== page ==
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Trump Rips ‘Sick Puppy’ Pelosi, Brags About Getting ‘Accolades’ From ‘Fair People’ For His Coronavirus Response


Trump Rips ‘Sick Puppy’ Pelosi, Brags About Getting ‘Accolades’ From ‘Fair People’ For His Coronavirus Response

During a call-in interview on “Fox & Friends” Monday morning, President Donald Trump lashed out at House Speaker Nancy Pelosi (D-Calif.), calling her a “sick puppy” for criticizing his response to the coronavirus pandemic and boasted about getting “accolades” from “fair” people.

“It’s a sad thing,” Trump said after he was asked to respond to Pelosi’s criticism a day prior. “She’s a sick puppy in my opinion. She’s got a lot of problems.”

Pelosi on Sunday accused Trump of downplaying the public health crisis in a way that cost American lives, saying that “his denial at the beginning was deadly” on CNN’s “State of the Union.”

“When he made the other day when he was signing the bill, he said just think 20 days ago everything was great. No, everything wasn’t great,” Pelosi said, referring to the $2 trillion bipartisan relief bill the president signed on Friday.

“We had nearly 500 cases and 17 deaths already. And in that 20 days because we weren’t prepared, we now have 2,000 deaths and 100,000 cases,” Pelosi said.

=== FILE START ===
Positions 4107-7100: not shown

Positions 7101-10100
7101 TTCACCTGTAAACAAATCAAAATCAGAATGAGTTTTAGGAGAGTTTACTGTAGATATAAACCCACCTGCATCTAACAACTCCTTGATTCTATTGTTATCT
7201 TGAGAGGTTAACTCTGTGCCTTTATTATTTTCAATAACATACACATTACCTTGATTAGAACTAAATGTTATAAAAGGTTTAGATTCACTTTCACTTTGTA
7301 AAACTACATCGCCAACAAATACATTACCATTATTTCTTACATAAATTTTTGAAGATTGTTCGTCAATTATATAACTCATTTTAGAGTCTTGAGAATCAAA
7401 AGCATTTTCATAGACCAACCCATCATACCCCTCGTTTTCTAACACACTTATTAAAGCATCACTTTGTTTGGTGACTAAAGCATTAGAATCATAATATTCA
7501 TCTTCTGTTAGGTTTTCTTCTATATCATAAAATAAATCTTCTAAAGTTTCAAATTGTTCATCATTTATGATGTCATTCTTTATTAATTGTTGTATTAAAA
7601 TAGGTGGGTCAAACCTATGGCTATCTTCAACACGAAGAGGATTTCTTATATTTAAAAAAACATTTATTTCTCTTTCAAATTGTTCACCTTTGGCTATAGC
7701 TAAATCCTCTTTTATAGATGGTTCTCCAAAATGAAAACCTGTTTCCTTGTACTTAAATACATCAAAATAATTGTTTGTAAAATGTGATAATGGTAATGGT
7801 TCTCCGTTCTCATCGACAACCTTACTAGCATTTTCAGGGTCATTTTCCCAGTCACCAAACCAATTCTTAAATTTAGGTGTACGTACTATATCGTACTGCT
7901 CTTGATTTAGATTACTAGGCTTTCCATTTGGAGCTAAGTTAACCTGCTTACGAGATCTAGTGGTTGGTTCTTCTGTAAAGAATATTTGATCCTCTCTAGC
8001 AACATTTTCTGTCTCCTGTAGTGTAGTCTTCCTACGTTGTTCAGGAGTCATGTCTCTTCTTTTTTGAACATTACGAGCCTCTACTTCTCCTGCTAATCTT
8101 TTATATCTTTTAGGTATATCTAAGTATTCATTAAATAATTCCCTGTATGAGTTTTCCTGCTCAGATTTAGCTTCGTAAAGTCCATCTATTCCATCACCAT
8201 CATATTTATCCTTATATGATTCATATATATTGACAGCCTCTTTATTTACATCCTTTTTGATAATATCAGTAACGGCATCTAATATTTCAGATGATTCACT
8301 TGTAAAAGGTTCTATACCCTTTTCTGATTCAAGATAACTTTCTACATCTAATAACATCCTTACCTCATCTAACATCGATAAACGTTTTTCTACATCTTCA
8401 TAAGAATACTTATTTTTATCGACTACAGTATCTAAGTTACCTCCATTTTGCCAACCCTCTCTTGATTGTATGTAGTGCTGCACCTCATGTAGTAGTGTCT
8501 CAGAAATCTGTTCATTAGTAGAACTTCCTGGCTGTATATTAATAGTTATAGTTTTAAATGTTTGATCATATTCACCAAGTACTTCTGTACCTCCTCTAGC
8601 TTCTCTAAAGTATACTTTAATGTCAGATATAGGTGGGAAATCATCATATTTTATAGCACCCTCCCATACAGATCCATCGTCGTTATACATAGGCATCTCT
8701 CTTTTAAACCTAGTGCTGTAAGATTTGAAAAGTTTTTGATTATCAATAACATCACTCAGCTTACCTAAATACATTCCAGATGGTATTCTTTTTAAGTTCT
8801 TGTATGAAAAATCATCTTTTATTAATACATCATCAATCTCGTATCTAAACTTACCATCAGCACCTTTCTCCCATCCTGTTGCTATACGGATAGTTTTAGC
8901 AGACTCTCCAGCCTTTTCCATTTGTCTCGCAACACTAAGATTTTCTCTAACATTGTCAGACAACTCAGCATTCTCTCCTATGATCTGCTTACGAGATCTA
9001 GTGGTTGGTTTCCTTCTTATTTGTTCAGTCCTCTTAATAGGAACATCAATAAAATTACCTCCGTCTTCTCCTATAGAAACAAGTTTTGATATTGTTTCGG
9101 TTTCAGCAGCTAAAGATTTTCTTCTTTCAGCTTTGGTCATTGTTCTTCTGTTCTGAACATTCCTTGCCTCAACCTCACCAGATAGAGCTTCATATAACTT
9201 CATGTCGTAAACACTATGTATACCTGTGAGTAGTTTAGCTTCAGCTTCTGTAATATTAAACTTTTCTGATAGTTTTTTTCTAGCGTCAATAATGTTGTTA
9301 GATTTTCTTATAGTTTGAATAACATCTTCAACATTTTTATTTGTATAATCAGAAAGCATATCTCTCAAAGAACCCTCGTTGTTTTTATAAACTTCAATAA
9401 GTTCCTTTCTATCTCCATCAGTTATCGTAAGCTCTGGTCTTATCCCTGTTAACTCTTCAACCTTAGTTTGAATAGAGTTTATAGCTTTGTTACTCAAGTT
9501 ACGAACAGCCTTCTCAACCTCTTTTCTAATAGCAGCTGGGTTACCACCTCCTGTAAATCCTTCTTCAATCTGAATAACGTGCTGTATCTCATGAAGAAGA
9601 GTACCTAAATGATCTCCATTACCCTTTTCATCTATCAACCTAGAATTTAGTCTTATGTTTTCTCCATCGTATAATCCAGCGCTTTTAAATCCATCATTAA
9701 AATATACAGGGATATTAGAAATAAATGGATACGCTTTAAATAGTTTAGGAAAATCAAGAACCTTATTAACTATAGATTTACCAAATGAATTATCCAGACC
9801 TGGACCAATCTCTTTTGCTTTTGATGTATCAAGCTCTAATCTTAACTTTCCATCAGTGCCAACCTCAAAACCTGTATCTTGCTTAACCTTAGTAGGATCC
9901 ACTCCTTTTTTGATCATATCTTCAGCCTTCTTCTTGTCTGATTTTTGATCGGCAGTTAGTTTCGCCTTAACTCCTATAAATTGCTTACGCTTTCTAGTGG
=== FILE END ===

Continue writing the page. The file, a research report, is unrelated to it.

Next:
Trump also accused Pelosi of wasting her time on his impeachment; the House voted to impeach Trump in December, before the coronavirus reached the United States.

“I think it’s a disgrace to her country, her family,” Trump said of Pelosi’s critical remarks. “What a horrible statement to make.”

“All she did was focus on impeachment. She didn’t focus on anything having to do with pandemics,” Trump said later. “And she lost and she looked like a fool.”


Trump downplayed the threat of the coronavirus at the start of the outbreak in the U.S., doubting that the virus would inevitably spread domestically and predicting that cases would soon be down “close to zero” in late February.

Trump’s criticism of Pelosi came as public health officials predicted the U.S. could experience millions of COVID-19 cases and 100,000 or more deaths from the virus.

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